The Passing of Summer

 The wind and rain stopped by last night,
 Had a few minor temper tantrums outside
 As I stood watching from the door.
 They slapped the trees limbs around a bit
 And kicked at bits of loose trash in the street.
 Nothing more violent than that.
  
 No pushing down trees.
 No pummeling hail.
 Rather calm for a storm.
 Yet it killed the heat of summer,
 Murdering it without a hint of passion
 And ushering in a cold windy day 
 To begin the fall to winter.
  
 At dawn,
 I stand here,
 Warming myself 
 With this cup of coffee,
 Mourning a summer
 That passed without passion.
   

Shadows

In the shadows of the mountains

Where beasts have fled,

Leaving behind cloven hoof prints

In the inky muck of the forest floor

Beside the pristine waters of a rushing stream

Near the fading timberline here,

The scent of decaying pine bark and musk

On a faint icy breeze

Weaves all into the forest primordial.

Nothing human can be found

In a fear filled chest.

A Dream of the Wolf

 A whipped dog,
 Head down,
 Eyes, lowered,
 Ears back,
 Haunches drawn
 Dreams the wolf--
 Sharp weapons of tooth and claw,
 Armor of hide and fur,
 Heart of a free, wild warrior.
  
 A dream of the lone wolf,
 Who may find comfort
 Here or there 
 For a season.
 Then moves onward alone
 Before what will come 
 As the whipped dog knows,
 Always, always does. 

Two Trees

In the woods
Two trees stand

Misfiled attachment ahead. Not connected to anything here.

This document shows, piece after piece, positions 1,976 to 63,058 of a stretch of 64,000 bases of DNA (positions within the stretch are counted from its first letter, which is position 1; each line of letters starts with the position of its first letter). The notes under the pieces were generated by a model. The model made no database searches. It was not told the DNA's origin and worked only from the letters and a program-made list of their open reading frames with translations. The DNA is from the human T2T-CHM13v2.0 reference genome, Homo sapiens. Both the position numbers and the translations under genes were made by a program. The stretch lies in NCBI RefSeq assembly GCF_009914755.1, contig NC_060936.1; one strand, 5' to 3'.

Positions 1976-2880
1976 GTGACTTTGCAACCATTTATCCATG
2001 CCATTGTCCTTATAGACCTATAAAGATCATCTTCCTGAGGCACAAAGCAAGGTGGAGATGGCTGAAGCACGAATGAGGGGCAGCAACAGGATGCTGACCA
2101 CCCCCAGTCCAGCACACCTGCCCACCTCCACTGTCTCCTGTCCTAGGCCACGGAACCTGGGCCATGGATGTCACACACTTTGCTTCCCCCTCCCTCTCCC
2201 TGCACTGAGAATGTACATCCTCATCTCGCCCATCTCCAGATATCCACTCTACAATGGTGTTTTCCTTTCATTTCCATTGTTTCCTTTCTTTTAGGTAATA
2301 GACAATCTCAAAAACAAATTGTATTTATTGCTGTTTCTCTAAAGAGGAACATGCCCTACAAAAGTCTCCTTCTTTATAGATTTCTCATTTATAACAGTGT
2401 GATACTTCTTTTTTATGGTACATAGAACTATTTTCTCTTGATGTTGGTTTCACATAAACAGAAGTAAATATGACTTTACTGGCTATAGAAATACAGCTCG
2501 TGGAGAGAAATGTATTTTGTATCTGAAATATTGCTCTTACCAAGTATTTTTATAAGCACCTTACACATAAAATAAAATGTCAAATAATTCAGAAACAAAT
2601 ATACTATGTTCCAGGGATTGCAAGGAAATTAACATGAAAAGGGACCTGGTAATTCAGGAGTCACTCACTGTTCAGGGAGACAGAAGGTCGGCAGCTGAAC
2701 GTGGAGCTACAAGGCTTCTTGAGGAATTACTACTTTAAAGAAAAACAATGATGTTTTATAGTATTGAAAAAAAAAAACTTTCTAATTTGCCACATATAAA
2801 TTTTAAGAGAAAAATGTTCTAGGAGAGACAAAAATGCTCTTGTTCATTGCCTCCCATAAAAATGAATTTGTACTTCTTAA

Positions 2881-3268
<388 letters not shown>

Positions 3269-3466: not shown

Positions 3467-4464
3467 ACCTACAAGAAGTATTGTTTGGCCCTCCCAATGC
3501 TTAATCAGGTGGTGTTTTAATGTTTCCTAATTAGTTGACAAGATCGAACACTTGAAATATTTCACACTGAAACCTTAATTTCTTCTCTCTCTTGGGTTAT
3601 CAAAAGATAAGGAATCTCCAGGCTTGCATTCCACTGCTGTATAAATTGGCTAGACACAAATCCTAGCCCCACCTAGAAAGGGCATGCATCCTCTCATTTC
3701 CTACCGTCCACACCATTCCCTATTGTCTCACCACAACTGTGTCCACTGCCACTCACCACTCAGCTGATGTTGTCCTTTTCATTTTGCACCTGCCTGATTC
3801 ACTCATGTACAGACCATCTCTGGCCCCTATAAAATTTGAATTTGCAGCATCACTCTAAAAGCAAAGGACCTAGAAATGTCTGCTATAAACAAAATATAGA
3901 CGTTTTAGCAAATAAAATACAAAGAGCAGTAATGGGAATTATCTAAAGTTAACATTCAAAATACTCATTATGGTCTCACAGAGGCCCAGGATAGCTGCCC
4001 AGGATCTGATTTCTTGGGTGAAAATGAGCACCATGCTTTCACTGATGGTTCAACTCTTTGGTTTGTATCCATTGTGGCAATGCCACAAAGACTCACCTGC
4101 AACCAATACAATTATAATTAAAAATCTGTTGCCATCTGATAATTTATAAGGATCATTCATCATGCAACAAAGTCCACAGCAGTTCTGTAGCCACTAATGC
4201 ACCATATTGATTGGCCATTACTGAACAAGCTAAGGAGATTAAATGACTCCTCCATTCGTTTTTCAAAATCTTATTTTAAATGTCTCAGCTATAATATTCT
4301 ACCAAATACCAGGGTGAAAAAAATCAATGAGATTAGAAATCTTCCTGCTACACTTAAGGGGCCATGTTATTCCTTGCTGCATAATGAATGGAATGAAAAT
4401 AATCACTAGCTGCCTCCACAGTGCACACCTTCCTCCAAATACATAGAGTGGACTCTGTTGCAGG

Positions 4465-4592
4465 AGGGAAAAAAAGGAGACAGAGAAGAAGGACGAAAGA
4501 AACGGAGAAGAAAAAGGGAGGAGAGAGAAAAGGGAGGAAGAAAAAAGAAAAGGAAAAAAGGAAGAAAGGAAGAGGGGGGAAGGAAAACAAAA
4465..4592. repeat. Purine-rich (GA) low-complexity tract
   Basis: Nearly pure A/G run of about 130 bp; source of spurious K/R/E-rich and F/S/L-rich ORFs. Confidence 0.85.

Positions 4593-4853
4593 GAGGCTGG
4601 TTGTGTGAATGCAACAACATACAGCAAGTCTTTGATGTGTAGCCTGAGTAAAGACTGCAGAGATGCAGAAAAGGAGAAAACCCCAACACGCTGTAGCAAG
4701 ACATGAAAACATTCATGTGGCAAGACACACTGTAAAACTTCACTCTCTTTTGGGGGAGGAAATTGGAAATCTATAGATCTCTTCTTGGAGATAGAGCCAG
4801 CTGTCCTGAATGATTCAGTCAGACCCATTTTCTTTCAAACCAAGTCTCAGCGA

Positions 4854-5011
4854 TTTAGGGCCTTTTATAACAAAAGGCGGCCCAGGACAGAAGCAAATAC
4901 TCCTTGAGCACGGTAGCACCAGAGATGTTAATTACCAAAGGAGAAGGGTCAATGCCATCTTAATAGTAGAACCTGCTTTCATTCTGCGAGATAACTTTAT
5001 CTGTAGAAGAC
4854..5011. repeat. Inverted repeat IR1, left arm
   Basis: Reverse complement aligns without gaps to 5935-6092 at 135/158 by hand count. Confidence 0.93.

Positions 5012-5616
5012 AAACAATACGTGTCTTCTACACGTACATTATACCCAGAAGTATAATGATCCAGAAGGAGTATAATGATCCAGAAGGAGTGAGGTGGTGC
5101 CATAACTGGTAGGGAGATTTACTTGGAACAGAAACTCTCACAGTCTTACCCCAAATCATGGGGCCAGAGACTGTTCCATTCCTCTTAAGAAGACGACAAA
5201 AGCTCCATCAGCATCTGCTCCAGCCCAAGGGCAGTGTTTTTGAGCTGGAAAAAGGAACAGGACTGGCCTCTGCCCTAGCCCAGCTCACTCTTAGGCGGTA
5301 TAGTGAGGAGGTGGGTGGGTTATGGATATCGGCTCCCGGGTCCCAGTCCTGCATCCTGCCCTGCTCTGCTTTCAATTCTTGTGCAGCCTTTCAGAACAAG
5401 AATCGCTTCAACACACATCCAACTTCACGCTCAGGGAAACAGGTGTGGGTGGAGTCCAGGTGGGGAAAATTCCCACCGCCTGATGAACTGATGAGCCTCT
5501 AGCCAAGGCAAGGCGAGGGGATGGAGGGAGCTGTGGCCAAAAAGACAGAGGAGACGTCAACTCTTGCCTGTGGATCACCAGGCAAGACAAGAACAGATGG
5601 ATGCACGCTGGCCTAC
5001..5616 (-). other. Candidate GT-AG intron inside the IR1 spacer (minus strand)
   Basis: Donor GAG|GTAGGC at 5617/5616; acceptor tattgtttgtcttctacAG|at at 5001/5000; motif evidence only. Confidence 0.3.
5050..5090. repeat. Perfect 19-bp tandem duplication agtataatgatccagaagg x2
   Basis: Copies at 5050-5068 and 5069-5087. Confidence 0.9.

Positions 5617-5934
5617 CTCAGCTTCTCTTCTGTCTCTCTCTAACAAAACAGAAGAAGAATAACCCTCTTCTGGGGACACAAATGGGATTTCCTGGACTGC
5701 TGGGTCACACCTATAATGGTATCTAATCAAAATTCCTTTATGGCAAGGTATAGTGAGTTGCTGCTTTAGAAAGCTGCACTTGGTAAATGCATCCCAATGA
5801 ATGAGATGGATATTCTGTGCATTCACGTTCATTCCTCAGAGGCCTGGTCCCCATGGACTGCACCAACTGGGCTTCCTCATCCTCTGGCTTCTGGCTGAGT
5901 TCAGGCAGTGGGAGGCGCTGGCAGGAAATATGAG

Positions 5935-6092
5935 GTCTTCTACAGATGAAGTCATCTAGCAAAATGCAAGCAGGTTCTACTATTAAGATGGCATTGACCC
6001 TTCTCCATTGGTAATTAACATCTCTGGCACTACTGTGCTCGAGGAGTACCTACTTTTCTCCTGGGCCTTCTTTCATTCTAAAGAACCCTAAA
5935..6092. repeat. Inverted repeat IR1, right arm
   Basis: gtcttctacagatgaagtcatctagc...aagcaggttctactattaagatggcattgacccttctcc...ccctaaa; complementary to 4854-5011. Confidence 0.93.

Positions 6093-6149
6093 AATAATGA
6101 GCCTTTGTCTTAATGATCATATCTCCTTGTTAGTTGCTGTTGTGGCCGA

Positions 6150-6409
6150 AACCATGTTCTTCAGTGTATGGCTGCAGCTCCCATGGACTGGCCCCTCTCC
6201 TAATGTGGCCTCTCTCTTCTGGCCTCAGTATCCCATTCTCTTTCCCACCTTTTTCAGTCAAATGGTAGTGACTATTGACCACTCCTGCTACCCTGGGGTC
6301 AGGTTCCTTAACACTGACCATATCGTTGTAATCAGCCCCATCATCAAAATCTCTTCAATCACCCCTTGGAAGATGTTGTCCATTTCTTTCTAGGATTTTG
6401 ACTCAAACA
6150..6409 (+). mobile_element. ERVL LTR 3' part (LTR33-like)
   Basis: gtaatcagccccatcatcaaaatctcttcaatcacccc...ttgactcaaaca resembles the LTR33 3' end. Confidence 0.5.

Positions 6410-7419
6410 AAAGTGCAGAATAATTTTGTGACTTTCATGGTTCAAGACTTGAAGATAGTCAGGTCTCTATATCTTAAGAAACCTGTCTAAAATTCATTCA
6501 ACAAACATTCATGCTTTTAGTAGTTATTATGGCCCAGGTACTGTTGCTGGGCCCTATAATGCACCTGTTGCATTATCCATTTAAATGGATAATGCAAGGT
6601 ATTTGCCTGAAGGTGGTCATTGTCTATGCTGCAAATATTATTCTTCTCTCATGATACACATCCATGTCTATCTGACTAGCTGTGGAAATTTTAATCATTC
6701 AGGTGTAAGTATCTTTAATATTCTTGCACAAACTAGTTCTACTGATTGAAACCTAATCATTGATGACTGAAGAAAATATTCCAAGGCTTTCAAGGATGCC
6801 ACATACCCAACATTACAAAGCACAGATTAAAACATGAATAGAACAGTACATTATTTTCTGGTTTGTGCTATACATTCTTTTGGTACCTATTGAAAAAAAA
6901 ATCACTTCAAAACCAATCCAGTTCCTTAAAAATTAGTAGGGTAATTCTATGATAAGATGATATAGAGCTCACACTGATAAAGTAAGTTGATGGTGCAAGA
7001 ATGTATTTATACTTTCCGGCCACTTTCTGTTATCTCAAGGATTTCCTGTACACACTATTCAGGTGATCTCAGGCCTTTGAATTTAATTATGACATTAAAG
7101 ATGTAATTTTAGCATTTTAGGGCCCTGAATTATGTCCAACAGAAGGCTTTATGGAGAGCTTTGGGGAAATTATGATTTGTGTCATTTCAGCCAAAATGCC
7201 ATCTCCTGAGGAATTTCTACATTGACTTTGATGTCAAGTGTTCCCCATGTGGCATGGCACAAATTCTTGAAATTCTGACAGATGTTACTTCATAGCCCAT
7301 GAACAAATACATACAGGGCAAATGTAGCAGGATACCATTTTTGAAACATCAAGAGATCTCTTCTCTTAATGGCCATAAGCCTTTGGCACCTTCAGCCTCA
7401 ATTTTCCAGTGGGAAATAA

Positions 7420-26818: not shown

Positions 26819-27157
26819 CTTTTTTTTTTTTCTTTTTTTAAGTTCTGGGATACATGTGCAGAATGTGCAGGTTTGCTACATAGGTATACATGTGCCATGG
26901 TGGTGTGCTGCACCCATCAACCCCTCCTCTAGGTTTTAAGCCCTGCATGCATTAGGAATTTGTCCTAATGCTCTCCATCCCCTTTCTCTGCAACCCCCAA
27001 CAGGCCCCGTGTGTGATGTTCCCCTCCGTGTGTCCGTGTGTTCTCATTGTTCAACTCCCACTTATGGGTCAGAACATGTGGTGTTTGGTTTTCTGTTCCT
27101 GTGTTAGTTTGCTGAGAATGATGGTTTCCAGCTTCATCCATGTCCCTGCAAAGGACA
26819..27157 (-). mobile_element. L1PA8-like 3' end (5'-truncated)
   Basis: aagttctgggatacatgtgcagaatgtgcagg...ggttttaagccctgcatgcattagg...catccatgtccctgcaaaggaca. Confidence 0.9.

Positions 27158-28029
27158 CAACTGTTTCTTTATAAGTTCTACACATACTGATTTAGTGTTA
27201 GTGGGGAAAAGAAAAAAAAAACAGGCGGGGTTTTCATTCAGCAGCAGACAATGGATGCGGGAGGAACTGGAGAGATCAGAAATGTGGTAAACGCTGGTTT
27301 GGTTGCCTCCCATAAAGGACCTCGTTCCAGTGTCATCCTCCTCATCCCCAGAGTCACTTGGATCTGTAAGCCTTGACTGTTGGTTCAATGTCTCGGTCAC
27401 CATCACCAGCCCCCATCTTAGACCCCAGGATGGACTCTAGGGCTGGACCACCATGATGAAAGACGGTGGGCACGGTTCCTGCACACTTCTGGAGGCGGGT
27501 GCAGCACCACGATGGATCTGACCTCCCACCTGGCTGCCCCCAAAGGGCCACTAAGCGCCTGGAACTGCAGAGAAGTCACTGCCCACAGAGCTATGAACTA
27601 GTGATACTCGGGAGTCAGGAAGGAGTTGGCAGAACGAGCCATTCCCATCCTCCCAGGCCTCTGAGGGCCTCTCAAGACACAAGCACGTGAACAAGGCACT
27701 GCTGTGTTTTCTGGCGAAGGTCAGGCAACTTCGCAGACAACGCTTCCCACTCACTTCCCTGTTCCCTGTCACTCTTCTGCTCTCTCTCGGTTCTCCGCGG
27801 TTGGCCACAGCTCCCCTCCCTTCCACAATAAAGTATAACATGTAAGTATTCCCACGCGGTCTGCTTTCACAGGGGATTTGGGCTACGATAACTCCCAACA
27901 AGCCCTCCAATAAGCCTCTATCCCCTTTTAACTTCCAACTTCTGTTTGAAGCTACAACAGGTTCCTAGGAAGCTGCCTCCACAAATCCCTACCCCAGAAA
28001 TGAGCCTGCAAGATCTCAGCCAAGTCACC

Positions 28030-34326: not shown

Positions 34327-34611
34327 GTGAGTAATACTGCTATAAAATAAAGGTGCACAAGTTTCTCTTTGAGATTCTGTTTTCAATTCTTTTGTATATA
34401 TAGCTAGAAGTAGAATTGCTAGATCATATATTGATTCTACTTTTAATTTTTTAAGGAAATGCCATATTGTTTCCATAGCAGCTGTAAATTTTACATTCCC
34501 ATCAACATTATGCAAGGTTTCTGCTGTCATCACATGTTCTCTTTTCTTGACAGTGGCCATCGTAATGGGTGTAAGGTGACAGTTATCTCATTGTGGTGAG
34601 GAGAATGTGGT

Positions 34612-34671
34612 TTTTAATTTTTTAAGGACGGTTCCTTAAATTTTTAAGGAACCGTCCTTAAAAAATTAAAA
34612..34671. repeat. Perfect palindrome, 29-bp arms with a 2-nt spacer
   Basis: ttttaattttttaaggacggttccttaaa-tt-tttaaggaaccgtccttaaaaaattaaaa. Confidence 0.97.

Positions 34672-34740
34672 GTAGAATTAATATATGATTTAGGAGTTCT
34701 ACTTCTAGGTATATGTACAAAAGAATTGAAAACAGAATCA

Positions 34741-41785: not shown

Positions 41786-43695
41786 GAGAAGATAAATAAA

Equally rooted
Firmly in the ground.

Yet as if deciding
It a curse of solitude
To try and touch a Sky
Who never reached back,
One turned
To touch the other,
Leaning its trunk
Against its forest mate’s.

And so, we found them,
Standing as lovers,
One resting upon the other,
Limbs entwined in embrace.

We turned.
Walked down the trail,
leaning toward each other,
our hands touching.

In the Songs of Birds

When I was three,
My mother taught me to read,
And words
Became playthings and playmates
As I sat in the back of the restaurant
Watching her work her dream to death.

Later, as I grew,
Family losses piled, heaped
Weighty upon the shoulders of a nine-year-old.
Words became
Escape, shelter, survival,
A path out of destruction.

And so, words stayed
For more years than I’d care to say.

But now here,
Waking mornings,
Hearing birdsong,
Or in early evening,
The warm sun blanketing
My skin as I fill the birdfeeders,
I hear words in the songs of birds.
Silly though it may seem,
The cardinals have much to say,
“It’s cheaper here. It’s cheaper here.”
To “Pretty, pretty, pretty.”
The mockingbirds chatter away
Announcements of “She’s here, she’s here, she’s here.”
And I’m not sure which bird continually asks,
“Wanna see, wanna see, wanna see a receipt?”
All the while, the Blue Jays squawk away,
Warning all the others,
“Stay away! Stay away!”
Then in the chittering of the squirrels,
I hear the demand,
“Where’s the food? Where’s the food?
You let the food run out! How dare you?”
As they scurry away,
Pretending, at least, to be afraid of me.

Among all the noise and chatter
All the words of birds and squirrels
One word, never felt before now,
I feel move within my chest,
Peace.

Falconry

animals_hero_red-tailed_hawk_0 (1)

A screeching hawk climbs overhead,
Gliding, swooping in pursuit,
Her flight a perfect merger
Of beauty, purpose, and skill.

If only, if only
I could capture such a hawk
Train and bend
That beauty and skill
To do the bidding of my will.

Sent forth from my hand
In a powerful surge of wings,
Pummeling air,
Finding the perfect draught of air
To glide upon,
Turning, searching for prey,
Then sighting her trophy, her prize,
Sweeping down, a beat of wings,
A shift of body,
Talons extended,
What seems a pause,
A slowing,
Talons snatching,
Squeezing, sinking into a snake’s skin,
Wings beat, once, twice,
A cry as she lifts her body
And her limp prize,
Upon the air to glide,
Turning homeward,
The purity of her purpose,
A dance upon the air,
Done.

If only, if only
From my hand could fly
Such beautiful purity of purpose.